Margaret Atwood describes a world in Handmaid's Tale that seems to be exaggerated to make a point, and not a realistic possibility. However, a closer look at the psychology behind such cultures reveals it is not as out of the question as we may presume.
A common misconception by people is their self-perceived immunity to manipulation. In 1961 Yale University psychologist Stanley Milgram performed one of the most controversial, and interesting, experiments of the century. His experiment was run three months after the start of a Nazi war criminal, and was designed to determine how much the Nazi's were individually responsible for the horrors that they committed during the war. The basic set up of the experiment involved the subject being told they were studying the effects of punishment on thinking, and were told to shock another participant (really an actor), with increasingly higher voltages until a correct answer was produced. The experiment runner, who sat near the participant and served as the authority figure, proposed the questions. The voltage went as high as 450 volts, and long before that the actor would be yelling from the other room in pain and complaining of possible serious complications from heart problems. When Milgram polled his colleagues before the experiment, they believed that only the vilest people would go all the way (an average of 1.2%). The actual results were astounding, in that 65% of participants went to 450 volts, although many of them protested while they were doing so. The reason so many commited this seemingly horrid task was the influence of the experimenter in the room, who told repeated only four lines when the participants complained:
1. Please continue.
2. The experiment requires that you continue.
3. It is absolutely essential that you continue.
4. You have no other choice, you must go on.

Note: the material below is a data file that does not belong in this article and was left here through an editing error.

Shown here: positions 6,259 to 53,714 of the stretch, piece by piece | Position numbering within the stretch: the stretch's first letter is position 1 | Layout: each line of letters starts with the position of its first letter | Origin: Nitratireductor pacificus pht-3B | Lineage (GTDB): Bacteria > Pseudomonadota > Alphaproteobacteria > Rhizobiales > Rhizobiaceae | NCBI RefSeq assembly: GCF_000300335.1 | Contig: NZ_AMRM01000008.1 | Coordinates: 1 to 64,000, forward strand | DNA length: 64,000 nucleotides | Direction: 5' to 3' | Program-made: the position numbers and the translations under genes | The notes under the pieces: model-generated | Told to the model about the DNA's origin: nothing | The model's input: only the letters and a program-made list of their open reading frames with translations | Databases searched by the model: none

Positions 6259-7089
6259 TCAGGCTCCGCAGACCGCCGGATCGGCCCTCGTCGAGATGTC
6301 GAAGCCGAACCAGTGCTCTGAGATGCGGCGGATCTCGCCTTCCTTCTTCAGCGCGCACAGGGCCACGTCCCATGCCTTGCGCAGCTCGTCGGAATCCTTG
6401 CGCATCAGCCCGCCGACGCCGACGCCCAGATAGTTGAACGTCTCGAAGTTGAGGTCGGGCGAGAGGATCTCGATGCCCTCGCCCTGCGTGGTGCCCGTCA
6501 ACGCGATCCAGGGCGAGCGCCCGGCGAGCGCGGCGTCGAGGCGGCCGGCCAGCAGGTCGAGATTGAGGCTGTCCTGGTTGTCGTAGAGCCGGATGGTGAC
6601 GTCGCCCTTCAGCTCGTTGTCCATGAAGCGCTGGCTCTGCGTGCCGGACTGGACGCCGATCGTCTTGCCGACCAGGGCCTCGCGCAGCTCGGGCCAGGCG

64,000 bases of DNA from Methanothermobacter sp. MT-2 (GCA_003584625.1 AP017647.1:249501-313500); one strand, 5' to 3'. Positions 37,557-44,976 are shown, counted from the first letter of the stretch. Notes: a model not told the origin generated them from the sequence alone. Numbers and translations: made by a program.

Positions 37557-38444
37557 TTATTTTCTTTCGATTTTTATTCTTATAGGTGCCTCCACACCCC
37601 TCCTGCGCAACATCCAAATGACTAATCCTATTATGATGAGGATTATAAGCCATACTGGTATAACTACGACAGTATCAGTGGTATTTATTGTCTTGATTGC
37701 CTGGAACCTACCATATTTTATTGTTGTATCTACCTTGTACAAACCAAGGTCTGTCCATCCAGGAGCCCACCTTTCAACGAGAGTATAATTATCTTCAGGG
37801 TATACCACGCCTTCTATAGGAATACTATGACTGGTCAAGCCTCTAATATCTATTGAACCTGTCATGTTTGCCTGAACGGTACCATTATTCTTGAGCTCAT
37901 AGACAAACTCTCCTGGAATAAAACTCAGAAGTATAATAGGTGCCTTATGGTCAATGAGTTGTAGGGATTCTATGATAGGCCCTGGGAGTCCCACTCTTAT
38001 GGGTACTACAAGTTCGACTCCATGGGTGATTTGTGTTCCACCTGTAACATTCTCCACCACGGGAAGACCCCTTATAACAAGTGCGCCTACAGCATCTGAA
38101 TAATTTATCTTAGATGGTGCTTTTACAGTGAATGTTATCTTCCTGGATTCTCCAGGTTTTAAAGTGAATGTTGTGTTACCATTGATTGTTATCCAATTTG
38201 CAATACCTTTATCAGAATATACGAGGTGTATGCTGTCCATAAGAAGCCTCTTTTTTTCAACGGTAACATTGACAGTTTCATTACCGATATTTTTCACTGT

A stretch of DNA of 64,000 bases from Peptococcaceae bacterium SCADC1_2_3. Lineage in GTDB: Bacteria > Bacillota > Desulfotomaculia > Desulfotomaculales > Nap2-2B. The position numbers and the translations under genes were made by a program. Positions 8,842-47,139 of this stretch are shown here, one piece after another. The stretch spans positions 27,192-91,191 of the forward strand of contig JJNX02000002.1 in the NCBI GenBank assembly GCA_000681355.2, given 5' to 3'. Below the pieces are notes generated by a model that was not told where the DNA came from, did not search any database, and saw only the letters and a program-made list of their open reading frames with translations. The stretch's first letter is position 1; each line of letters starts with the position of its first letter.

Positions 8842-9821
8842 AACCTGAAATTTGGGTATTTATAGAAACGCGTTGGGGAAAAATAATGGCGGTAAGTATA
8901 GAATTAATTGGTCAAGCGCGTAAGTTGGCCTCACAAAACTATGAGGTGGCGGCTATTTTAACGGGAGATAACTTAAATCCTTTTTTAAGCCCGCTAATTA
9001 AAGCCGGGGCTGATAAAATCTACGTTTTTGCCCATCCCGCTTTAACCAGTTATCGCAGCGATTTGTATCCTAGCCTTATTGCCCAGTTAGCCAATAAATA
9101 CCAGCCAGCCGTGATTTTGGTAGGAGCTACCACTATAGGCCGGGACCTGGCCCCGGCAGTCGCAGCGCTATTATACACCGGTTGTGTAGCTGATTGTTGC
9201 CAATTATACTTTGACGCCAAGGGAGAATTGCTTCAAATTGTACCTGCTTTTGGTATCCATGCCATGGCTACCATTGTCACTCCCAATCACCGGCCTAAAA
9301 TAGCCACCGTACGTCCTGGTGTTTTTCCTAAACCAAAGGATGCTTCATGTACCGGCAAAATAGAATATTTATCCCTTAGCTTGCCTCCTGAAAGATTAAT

This experiment has been run many more times, with separate variables adjusted. The most critical variable by far has been shown to be the perceived presence an authority held by the experimenter urging them to go on. Although peer conformity has been shown to have a strong effect, for when it was run with a "dummy" teacher running the supposed same experiment next to the participant and the "dummy" went all the way with the experiment, only 3 of 40 subjects stopped before the end, meaning it is incredibly hard to resist society like that.
Ok, so the implications of this experiment are obviously huge, and go a long way in explaining how an entire country could go on a genocide campaign. It also explains how a world such as Gilead could stay in power, with half its people oppressed. The "authority figure" in Gilead is represented by the government, which although it isn't seen outright often, as we mentioned in class this can be much more oppressing than an overt government like in the movie. The government is perceived to have infiltrated everyday life with their "eyes", and so it is difficult to even talk about resistance. Disobedience has obvious consequences, as shown by the hangings of "criminals": "They have committed atrocities and must be made into examples, for the rest. Though this is hardly needed. No woman in her right mind, these days, would seek to prevent a birth, should she be so lucky as to conceive"(33). The level of authority held by the government rivals that of Nazi Germany, and so I would argue that the men in the book are no less responsible for the catastrophe than the women, and that a lack of action by any one of them does not necessarily constitute a weak character, but just a lack of an exceptionally strong one.
This goes for Offred too. Her lack of resistance in the first half of the book does not in any way make her weak, and her actions in the second half, such as playing scrabble and having sex with Nick, I believe are much more indicative of a strong character than we first assume.
As was also mentioned in class, Atwood has discussed how the roots of Gilead come from other societies that have, or currently do exist. The situations in some middle-eastern countries have very similar parallels in their oppression of women, and show that it is not that out of the question for it to occur. I believe distopian books are very important not just for the sake of whatever message they present, like the gender equality statements of "Handmaid's Tale", but so that we can be reminded of our susceptibility to authority, and avoid a distopia of our own.